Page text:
Like they say, “you’ll have time to sleep when you’re dead.” As a newbie in the field, falling asleep with your mouth open just isn’t a good idea — like ever.
Tossing a training grenade into the berthing areas
It’s only funny to the guy tossing the training grenade inside. And usually nobody ever gets hurt… for the most part. Although the act seems dangerous and childish, it’s a solid way to train your troops never to let their guard down.
Service members love to spin their shenanigan bullsh*t and make it sound like legit training. It’s our unique talent.
Less than a week after receiving his new Integrated Head Protective System, or IHPS, the neck mandible saved the soldier’s life in Afghanistan.
The armor crewman was in the turret manning his weapon when a raucous broke out on the street below. Amidst the shouting, a brick came hurdling toward his turret. It struck the soldier’s neck, but luckily he had his maxillofacial protection connected to his helmet.
The first issue of this mandible with the IHPS helmet went to an armored unit in Afghanistan a couple months ago, said Lt. Col. Ginger Whitehead, product manager for soldier protective equipment at Program Executive Office Soldier.
The neck protection was designed specifically for turret gunners to protect them from objects thrown at them, she said. She added most soldiers don’t need and are not issued the mandible that connects to the IHPS Generation I helmet.
A new Gen II helmet is also now being testing by soldiers, said Col. Stephen Thomas, program manager for soldier protection and individual equipment at PEO Soldier.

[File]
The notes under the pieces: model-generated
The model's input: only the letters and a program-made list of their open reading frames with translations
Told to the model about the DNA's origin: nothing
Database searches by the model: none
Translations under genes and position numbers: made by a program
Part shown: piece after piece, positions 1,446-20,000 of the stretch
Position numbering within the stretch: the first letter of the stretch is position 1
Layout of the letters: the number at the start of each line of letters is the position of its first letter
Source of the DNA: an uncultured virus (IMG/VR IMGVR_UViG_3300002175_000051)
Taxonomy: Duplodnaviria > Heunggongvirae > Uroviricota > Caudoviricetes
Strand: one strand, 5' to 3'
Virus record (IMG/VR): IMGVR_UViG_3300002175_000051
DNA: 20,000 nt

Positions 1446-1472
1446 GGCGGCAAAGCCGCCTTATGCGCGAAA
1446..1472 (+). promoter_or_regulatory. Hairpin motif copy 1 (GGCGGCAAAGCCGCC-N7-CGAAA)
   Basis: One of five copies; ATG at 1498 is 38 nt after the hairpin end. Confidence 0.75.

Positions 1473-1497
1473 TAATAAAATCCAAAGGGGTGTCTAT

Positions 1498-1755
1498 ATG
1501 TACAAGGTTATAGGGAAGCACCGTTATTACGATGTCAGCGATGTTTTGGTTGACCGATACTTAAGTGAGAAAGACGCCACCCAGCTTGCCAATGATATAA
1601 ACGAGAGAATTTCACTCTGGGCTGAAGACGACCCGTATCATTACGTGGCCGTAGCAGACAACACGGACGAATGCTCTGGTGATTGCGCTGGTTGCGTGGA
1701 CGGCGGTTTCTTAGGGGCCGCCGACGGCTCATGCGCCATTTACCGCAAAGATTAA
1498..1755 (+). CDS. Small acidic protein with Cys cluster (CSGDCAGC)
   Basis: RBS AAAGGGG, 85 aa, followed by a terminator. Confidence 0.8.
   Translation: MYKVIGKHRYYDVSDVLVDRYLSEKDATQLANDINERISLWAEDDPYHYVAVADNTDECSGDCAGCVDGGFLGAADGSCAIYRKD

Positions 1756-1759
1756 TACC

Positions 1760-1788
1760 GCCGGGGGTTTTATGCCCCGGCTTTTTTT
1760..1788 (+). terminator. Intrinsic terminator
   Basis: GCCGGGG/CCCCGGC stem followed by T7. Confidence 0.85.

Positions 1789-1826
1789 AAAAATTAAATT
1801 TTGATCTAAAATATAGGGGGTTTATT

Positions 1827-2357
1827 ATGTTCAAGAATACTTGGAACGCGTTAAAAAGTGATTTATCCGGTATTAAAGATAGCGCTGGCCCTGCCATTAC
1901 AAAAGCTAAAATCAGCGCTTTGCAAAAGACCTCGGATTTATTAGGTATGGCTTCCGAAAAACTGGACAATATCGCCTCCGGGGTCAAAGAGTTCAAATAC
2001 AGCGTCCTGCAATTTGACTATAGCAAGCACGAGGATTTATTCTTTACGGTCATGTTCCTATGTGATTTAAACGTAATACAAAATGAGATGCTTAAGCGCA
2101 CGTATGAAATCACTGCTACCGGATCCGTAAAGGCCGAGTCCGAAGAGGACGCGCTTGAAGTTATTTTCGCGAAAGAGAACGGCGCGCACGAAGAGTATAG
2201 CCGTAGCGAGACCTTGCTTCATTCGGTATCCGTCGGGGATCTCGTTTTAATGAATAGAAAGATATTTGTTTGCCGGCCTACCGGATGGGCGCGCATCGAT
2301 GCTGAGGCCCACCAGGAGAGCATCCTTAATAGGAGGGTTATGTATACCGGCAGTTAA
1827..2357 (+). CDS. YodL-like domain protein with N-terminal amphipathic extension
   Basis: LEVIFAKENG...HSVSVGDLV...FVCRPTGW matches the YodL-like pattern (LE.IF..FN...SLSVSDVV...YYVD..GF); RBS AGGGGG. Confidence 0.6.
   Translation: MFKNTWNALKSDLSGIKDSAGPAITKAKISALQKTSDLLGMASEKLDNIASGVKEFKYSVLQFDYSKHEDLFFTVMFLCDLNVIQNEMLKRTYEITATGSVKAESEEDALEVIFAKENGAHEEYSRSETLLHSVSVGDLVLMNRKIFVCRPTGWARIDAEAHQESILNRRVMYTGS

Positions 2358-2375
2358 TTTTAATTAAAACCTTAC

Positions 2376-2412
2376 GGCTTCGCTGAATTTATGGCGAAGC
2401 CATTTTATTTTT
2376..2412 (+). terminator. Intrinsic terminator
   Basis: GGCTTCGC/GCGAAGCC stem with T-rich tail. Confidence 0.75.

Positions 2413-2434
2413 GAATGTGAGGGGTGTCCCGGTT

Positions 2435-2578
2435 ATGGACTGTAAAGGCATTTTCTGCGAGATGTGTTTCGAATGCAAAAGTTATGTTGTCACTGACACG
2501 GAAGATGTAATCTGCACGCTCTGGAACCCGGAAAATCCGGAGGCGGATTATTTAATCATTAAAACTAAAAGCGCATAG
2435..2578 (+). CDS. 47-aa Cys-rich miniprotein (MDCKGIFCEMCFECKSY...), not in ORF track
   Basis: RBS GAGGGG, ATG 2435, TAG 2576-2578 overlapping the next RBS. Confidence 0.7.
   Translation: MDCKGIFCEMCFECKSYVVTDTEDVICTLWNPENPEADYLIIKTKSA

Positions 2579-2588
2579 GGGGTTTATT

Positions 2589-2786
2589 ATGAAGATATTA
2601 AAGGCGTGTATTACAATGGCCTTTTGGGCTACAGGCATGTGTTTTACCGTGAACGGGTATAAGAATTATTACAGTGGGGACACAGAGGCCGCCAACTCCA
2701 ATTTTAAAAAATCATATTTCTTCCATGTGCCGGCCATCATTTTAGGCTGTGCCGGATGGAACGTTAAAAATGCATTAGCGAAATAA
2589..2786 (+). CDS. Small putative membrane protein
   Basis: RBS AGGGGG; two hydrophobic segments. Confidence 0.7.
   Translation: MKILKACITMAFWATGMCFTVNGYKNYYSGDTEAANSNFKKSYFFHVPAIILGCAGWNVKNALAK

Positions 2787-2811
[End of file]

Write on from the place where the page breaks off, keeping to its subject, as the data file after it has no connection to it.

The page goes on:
A new generation of Soldier Protection System equipment is displayed during a media roundtable by Program Executive Office Soldier during the U.S. Army Annual Meeting and Exposition in Washington, D.C., Oct. 15, 2019.
(Photo by Gary Sheftick)
About 150 of the Gen II IHPS helmets were recently issued to soldiers of the 2-1 Infantry for testing at Fort Riley, Kansas. The new helmet is lighter while providing a greater level of protection, Whitehead said. The universal helmet mount eliminates the need for drilling holes for straps and thus better preserves the integrity of the carbon fiber.
The new helmet is part of an upgraded Soldier Protection System that provides more agility and maneuver capability, is lighter weight, while still providing a higher level of ballistic protection, Thomas said.
The lighter equipment will “reduce the burden on soldiers” and be a “game-changer” downrange, Thomas said at a PEO Soldier media roundtable Tuesday during the Association of the U.S. Army Annual Meeting and Exposition.
It will allow soldiers flexibility to scale up or scale down their personal armor protection depending on the threat and the mission, he said.
The new soldier Protection System, or SPS, is “an integrated suite of equipment,” Thomas said, that includes different-sized torso plates for a modular scalable vest that comes in eight sizes and a new ballistic combat shirt that has 12 sizes.
The idea is for the equipment to better fit all sizes of soldiers, he said.
The ballistic combat shirt for women has a V-notch in the back to accommodate a hair bun, Whitehead said, which will make it more comfortable for many female soldiers.
Massachusetts Governor Charlie Baker (center) holds the Ballistic Combat Shirt.
The modular scalable vest can be broken down to a sleeveless version with a shortened plate to give an increased range of motion to vehicle drivers and others, she said.
The new SPS also moves away from protective underwear that “soldiers didn’t like at all” because of the heat and chafe, Whitehead said. Instead the new unisex design of outer armor protects the femoral arteries with less discomfort, she said.
PEO Soldier has also come out with a new integrated hot-weather clothing uniform, or IHWCU, made of advanced fibers, Thomas said. It’s quick-drying with a mix of 57% nylon and 43% cotton.
In hot temperatures, the uniform is “no melt, no drip,” he said.